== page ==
One of the best campaigns that I've ever played in was the first long term campaign I played in, back in my first year of high school (1980). It was kind of AD&D*, run by two DMs and a horde of players. We'd invade someone's house for about 24 hours each weekend. The two DMs were busy nearly the entire time. While all the players were hanging out, you could organize a group to put down the atari, pause the Monty Python and go after something in the game world - and the DMs would run it. They didn't, to my knowledge, use modules but their own world, city and dungeons. All of it was accessible for us to explore, though a lot of it was dangerous.
That kind of player freedom was incredible. Throughout the day and into the evening, you'd hear bits of what other players had accomplished. "Jeff and Chris went off to the island to see the archdruid." Wow - what did they do that for? What did the druid tell them, or give them? "Gabe found a secret door to another part of the 3rd level, and there were puzzles that used the pieces we found on the second." There was bragging of accomplishments (in good fun, we didn't really trash talk much.)
I remember one such expedition: just my character and one other, both elves. We purposefully limited our group to go down into the dungeon without light sources... as well as to get "more XP" for ourselves.
Here's another example: We knew that there were other parties of adventurers going into the sewers after an evil cult, as it was talked about in taverns. But we didn't know how to find the entrances. I got two players together who's characters were thieves, and through their guild they found out which of their fences were buying up items from the cult in the sewers. The three of us then cased the fences, found the npc adventuring party and followed them to the hidden entrance. I think we might have ambushed them too - not every character was good. (In fact the mix of alignments made things interesting.)
The DMs had laid the hook out to all of us but otherwise didn't help us in any way to find it. We were just the first players that invented a way to work the hook. Eventually we let other players in on the secret as there were parts we weren't tough enough to take on ourselves. We debated that - we wanted the loot all to ourselves. But the risk of death (it happened) was too great. We wanted to invite a cleric, but he wouldn't come along unless others did too.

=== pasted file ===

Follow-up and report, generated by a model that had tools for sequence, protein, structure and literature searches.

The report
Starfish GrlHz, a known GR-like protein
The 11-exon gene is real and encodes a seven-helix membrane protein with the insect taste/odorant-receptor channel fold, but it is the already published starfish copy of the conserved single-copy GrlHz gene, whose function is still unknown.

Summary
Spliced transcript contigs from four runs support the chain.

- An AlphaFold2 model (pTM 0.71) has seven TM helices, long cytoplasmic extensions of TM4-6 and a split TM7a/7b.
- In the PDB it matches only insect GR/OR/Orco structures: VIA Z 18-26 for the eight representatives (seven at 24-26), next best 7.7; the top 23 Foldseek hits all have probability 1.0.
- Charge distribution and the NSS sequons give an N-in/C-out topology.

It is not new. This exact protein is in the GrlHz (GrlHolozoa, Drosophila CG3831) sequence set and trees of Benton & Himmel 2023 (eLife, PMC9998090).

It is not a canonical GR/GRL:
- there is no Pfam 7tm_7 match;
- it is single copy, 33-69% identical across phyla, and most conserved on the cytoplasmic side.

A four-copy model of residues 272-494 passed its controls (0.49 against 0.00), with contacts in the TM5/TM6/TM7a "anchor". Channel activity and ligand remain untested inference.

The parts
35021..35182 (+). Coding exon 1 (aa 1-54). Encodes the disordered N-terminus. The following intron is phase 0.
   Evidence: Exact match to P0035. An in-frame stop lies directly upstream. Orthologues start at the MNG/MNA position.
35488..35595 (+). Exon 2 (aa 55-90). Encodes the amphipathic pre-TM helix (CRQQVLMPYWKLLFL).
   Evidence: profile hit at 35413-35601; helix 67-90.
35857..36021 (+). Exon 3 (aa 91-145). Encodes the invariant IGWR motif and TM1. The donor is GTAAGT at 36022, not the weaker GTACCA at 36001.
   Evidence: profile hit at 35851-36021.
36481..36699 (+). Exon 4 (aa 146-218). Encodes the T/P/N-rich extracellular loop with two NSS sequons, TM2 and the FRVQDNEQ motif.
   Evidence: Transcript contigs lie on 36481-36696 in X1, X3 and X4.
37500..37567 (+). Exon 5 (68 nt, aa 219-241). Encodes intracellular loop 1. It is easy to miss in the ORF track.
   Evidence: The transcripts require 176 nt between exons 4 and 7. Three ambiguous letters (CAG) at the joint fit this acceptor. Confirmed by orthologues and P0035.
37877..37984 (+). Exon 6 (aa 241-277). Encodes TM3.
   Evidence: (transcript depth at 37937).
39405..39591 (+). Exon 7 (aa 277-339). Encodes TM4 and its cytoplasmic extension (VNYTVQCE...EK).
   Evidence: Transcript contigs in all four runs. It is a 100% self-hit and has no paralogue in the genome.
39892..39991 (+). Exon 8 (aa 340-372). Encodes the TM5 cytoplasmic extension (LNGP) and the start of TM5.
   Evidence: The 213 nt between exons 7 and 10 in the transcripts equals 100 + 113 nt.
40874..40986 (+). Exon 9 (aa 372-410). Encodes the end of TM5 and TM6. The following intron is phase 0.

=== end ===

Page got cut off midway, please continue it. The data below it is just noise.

As you can tell, it wasn't just the NPCs and monsters that were scheming - the players/PCs were schemers, too. Those kinds of player schemes, which depend upon DM flexibility to player initiative, DM willingness to play the whole world rather than just the established dungeon/adventure, are what sandbox play is all about.
Some of that mystery is lost now that I've had so many gaming experiences. But that "where do you want to go, the whole world is available" freedom made exploration and discovery a part of the game, a reward in and of itself, regardless of the XP or gold found. Gabe found that secret door to the other part of the 3rd level, and in a way that level would always be his.
So, as a player in my current game, Zeyya is very possessive of her map to the kobold lair. Ha! As a DM, I record who knows how to get to the cave of the plant people, which of the nearly 20 characters have a relationship with Godfrey, the village headsman of Barleyfield, and so on.
Slügs in the Castle of the Mad Archmage
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